BAGHDAD -Ask any company commander or executive officer and they will tell you the supply system is extremely vital to the overall success of the unit and mission. The supply Soldier is responsible for literally millions of dollars worth of property and while deployed, the days are long and tiresome, but are filled with new experiences that might not be possible in the garrison environment.

Spc. Aljalel Eaddy, unit supply specialist and armorer for Company A, 46th Engineer Combat Battalion (Heavy), 225th Engineer Brigade, a native of Gresham, S.C., believes performing his job in Iraq is a great opportunity to hone his craft. Working in the supply field in combat gives Eaddy the opportunity to see several different supply systems throughout the theater of operations. Eaddy knows that while in combat, when a Soldier needs a vital piece of equipment, his day does not end until he can provide for the mission.

Eaddy, who enlisted in the Army in October 2006, chose the supply field because of his desire to help people.

"I like logistics and I enjoy helping Soldiers," stated Eaddy.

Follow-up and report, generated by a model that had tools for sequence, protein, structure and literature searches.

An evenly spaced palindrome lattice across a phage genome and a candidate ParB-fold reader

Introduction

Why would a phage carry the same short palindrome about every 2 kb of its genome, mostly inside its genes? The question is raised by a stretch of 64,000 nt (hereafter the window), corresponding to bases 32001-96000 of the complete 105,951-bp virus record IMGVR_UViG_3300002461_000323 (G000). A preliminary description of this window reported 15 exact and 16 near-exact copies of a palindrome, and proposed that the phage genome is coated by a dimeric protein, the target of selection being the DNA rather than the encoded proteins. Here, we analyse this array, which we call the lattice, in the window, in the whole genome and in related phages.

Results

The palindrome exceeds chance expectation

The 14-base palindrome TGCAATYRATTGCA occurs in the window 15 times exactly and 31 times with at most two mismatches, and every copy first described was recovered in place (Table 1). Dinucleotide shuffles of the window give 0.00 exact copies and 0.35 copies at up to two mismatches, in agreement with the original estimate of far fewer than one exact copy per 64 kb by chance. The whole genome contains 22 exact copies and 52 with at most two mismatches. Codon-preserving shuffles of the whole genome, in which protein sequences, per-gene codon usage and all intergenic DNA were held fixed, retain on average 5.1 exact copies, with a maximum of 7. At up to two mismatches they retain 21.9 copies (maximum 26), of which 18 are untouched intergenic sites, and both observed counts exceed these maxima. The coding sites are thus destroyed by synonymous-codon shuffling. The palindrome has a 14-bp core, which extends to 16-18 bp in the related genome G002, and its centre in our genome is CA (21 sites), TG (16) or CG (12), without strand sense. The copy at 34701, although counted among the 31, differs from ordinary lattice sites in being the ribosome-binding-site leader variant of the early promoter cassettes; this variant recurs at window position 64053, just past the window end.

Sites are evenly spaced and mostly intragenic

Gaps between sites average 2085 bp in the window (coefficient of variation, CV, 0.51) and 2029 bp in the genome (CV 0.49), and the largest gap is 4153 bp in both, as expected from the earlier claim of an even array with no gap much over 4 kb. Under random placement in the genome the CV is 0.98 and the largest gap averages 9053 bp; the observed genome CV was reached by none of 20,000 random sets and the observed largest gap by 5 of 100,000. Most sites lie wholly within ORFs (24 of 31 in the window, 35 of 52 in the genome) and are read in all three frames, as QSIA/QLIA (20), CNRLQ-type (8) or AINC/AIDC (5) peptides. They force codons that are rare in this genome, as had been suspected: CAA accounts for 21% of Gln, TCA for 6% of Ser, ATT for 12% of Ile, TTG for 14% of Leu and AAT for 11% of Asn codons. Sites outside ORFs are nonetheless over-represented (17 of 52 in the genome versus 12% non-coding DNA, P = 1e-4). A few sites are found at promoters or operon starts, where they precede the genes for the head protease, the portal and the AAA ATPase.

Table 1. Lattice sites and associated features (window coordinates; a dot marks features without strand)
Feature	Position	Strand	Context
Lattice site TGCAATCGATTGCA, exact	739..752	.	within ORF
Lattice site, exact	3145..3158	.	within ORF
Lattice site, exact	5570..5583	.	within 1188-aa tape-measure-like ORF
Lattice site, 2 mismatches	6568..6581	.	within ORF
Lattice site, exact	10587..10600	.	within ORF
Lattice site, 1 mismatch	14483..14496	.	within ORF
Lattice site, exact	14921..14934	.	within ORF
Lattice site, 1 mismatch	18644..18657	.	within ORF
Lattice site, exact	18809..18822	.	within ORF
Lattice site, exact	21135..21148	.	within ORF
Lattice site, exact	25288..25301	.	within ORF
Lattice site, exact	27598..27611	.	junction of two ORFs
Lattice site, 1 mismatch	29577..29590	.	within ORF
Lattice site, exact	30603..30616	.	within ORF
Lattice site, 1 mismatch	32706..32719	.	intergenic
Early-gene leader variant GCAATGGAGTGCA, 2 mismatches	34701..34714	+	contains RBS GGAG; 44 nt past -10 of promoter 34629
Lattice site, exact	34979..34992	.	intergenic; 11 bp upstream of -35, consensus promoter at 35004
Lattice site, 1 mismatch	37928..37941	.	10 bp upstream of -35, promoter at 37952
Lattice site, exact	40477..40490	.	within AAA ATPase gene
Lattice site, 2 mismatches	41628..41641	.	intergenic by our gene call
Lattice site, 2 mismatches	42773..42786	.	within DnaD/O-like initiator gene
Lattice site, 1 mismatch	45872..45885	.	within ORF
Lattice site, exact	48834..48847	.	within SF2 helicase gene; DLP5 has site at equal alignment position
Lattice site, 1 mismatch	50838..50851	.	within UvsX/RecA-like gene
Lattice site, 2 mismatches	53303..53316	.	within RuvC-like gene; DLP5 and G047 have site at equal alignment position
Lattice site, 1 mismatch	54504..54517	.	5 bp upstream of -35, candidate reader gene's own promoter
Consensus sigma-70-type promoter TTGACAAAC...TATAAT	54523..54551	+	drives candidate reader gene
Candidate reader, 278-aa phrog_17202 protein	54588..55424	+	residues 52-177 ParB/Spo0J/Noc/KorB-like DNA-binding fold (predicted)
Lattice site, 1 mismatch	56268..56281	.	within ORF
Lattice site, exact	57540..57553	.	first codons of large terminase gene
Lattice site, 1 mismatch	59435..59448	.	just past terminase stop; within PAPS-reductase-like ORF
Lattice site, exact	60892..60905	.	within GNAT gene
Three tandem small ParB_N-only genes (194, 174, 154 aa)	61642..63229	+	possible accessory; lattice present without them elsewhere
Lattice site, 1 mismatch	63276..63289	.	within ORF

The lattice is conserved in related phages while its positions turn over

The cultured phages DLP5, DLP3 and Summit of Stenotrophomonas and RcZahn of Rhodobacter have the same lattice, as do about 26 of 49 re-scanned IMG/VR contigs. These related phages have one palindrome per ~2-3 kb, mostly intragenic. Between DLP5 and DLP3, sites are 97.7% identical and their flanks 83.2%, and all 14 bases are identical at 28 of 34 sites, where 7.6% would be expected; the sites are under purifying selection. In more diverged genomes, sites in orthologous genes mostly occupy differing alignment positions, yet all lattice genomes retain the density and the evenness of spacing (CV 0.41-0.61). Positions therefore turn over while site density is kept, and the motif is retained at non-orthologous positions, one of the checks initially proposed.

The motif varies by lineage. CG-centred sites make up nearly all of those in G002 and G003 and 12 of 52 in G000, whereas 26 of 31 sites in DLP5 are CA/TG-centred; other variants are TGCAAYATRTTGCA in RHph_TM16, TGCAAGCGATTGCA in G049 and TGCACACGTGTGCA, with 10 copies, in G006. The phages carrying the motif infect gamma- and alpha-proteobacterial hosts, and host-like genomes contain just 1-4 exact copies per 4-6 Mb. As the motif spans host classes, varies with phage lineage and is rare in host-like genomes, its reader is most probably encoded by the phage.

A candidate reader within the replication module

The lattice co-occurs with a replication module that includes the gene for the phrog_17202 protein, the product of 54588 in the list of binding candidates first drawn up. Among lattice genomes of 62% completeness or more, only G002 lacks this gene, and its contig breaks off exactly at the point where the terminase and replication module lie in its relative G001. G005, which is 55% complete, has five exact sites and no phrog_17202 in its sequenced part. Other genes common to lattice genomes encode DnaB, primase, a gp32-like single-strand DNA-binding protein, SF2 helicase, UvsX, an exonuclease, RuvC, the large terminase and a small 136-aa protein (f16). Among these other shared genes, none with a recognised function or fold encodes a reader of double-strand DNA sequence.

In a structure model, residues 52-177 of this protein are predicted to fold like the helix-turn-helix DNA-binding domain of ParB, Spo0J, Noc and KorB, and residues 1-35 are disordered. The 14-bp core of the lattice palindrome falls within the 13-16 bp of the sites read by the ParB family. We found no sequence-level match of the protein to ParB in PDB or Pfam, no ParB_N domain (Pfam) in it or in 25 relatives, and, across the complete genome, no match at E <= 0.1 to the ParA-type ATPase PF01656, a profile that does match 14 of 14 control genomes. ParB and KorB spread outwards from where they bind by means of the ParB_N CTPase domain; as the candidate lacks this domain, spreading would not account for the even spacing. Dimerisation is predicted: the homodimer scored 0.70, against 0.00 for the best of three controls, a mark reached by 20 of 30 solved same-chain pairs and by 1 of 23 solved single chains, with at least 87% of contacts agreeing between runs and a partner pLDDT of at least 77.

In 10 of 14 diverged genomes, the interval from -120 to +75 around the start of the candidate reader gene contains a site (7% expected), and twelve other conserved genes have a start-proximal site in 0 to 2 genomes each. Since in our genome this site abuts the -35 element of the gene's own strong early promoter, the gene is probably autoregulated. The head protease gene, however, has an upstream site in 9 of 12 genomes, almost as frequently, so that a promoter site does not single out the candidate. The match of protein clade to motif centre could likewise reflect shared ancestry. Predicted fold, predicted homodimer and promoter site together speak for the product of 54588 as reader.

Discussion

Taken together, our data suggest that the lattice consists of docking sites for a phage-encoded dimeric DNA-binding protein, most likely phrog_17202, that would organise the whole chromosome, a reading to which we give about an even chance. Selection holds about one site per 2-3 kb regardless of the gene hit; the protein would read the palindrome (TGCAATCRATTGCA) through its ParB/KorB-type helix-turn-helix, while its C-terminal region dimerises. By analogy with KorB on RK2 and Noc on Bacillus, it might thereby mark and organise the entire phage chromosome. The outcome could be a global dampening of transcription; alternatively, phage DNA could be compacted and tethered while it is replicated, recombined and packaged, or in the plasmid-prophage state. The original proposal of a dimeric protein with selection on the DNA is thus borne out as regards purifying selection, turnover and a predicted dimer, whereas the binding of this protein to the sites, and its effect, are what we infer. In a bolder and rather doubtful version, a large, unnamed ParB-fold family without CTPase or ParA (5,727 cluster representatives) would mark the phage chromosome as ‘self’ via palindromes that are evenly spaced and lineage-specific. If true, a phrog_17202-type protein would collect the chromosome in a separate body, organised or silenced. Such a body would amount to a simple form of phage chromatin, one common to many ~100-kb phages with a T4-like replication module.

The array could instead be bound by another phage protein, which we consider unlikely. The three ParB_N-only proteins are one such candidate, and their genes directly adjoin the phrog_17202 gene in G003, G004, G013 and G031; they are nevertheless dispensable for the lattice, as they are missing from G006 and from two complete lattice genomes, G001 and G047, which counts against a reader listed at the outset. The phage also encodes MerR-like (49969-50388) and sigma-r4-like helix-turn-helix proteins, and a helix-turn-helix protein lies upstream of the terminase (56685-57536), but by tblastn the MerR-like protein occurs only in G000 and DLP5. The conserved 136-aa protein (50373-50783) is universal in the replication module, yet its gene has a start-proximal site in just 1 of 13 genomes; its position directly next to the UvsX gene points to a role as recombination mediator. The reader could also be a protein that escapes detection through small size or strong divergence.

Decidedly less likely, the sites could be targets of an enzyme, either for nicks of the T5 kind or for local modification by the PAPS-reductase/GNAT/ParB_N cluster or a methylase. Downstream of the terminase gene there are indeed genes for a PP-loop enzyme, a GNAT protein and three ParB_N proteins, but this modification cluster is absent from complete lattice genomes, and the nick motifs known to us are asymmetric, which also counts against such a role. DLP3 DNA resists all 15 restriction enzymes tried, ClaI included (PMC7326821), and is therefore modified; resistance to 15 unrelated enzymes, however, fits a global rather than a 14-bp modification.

As a junior enlisted Soldier, Eaddy took on the additional task of a unit armorer, without hesitation.

"Being an armorer is a cool job. It gives me even more responsibility," Eaddy said. "I'm a Specialist and a hand receipt holder."

The unit armorer is responsible for the accountability and maintenance for unit weapons and other sensitive equipment and the job requires impeccable organizational and analytical skills. The added responsibility will give Eaddy the knowledge and experience required to advance in rank and reach his goal of becoming a non-commissioned officer.

"He is always eager to learn, he's always asking questions. He has really got some great organizational skills and he's really mature," stated Sgt. Ryan Kindhart, Eaddy's team leader, a Iowa City, Iowa native.

Spc. Eaddy's future plans are to use his training as an armorer outside of the military and return to Iraq as a contractor. He is excited about his future assignment to Fort Stewart, but even more excited to see his wife, Brittany.

"I can't wait to get home. I learned a lot, but it's been a long deployment," he said.